There are many online groups for affected people where individuals can exchange information, especially on Facebook. We advise registering on forums that require membership and are moderated so that the communication is polite and constructive and the forum is not being misused to advertise harmful or useless products. Below, we have compiled blogs and videos that we consider helpful. If we have forgotten something or you disagree with the inclusion of a particular link, feel free to reach out to us!
The New York Times wrote a touching article about Deborah Huffman, who severely struggles with skin picking, and her journey of accepting the disorder. As you will learn, acceptance does not mean giving up!
This YouTube Channel features numerous videos on skin picking in various formats, including a question-and-answer video, strategies for stopping skin picking, and an interview with the author of a self-help book.
The homepage of the TLC Foundation has a huge community and many blog entries. Registration is free of charge. It is a good way for those affected by the condition to gather information and get in touch with fellow sufferers.
The homepage of this foundation contains numerous testimonials from affected individuals as well as helpful links, blog entries, and tips on dealing with skin picking during COVID-19 and social isolation.
StopPicking.com is an online behavioral program designed to help individuals reduce unwanted skin picking, nail biting, and lip-cheek biting. The program is designed to help individuals identify situations associated with their picking or biting behaviors. It also recommends strategies that might help change the behaviors. It is not considered therapy in a strict sense and is not intended to replace individual behavioral therapy.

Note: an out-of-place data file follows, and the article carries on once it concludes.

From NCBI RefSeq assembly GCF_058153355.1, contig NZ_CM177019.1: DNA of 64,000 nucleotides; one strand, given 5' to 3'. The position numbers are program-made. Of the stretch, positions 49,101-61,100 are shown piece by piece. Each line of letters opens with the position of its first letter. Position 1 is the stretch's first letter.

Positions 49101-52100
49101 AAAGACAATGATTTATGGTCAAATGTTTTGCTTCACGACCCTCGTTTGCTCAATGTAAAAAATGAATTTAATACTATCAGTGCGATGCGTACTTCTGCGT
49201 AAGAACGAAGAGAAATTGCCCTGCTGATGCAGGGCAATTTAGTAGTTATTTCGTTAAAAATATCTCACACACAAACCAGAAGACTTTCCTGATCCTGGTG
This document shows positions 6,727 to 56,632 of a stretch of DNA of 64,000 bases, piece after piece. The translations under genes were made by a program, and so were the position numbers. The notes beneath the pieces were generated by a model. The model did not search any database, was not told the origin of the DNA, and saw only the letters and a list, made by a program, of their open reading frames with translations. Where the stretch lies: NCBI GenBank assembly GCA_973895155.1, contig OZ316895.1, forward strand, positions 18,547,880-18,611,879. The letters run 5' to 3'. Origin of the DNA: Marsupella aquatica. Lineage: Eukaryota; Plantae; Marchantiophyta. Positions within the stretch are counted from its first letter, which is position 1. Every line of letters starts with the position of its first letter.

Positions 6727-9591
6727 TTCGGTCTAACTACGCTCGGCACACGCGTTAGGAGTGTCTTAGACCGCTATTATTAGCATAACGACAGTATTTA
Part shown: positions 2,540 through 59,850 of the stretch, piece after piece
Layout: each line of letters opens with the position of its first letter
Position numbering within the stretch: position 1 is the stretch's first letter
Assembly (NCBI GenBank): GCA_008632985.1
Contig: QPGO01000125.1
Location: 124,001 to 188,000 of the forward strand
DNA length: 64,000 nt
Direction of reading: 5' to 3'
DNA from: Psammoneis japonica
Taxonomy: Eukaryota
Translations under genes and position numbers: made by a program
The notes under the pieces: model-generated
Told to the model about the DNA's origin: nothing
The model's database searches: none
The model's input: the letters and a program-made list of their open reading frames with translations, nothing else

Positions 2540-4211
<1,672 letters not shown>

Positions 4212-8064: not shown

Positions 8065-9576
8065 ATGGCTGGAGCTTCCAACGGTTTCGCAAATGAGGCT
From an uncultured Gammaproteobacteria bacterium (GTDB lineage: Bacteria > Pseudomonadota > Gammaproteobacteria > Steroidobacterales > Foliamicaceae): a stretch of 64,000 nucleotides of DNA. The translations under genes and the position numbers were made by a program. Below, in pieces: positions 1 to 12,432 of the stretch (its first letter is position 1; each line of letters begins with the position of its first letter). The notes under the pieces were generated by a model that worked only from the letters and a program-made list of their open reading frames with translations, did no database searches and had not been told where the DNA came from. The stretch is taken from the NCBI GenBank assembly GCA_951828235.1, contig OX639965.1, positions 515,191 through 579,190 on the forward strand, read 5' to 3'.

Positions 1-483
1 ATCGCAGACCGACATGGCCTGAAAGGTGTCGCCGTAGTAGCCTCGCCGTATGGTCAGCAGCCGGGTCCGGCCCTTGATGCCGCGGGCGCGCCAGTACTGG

A woman who suffers from trichotillomania shares personal stories and gives insights into her life with trichotillomania and how she deals with it. Through her stories, family members and/or sufferers will gain a deeper understanding of the disorder.
Dr. Pasternak has suffered from skin picking herself and has successfully freed herself from it. She now wants to help other women become free from skin picking, hair pulling, and other body-focused repetitive behaviors (BFRBs).
The Manhattan Center for Cognitive-Behavioral Therapy runs Mental Health Blogs on their website, including a blog on trichotillomania. In this article, Rachel Chang, a doctor in Psychology, discusses current treatment options for the disorder.
We are using cookies to optimize our wesite and service.
The technical storage or access is strictly necessary for the legitimate purpose of enabling the use of a specific service explicitly requested by the subscriber or user, or for the sole purpose of carrying out the transmission of a communication over an electronic communications network.
The technical storage or access is necessary for the legitimate purpose of storing preferences that are not requested by the subscriber or user.
The technical storage or access that is used exclusively for statistical purposes.The technical storage or access that is used exclusively for anonymous statistical purposes. Without a subpoena, voluntary compliance on the part of your Internet Service Provider, or additional records from a third party, information stored or retrieved for this purpose alone cannot usually be used to identify you.
The technical storage or access is required to create user profiles to send advertising, or to track the user on a website or across several websites for similar marketing purposes.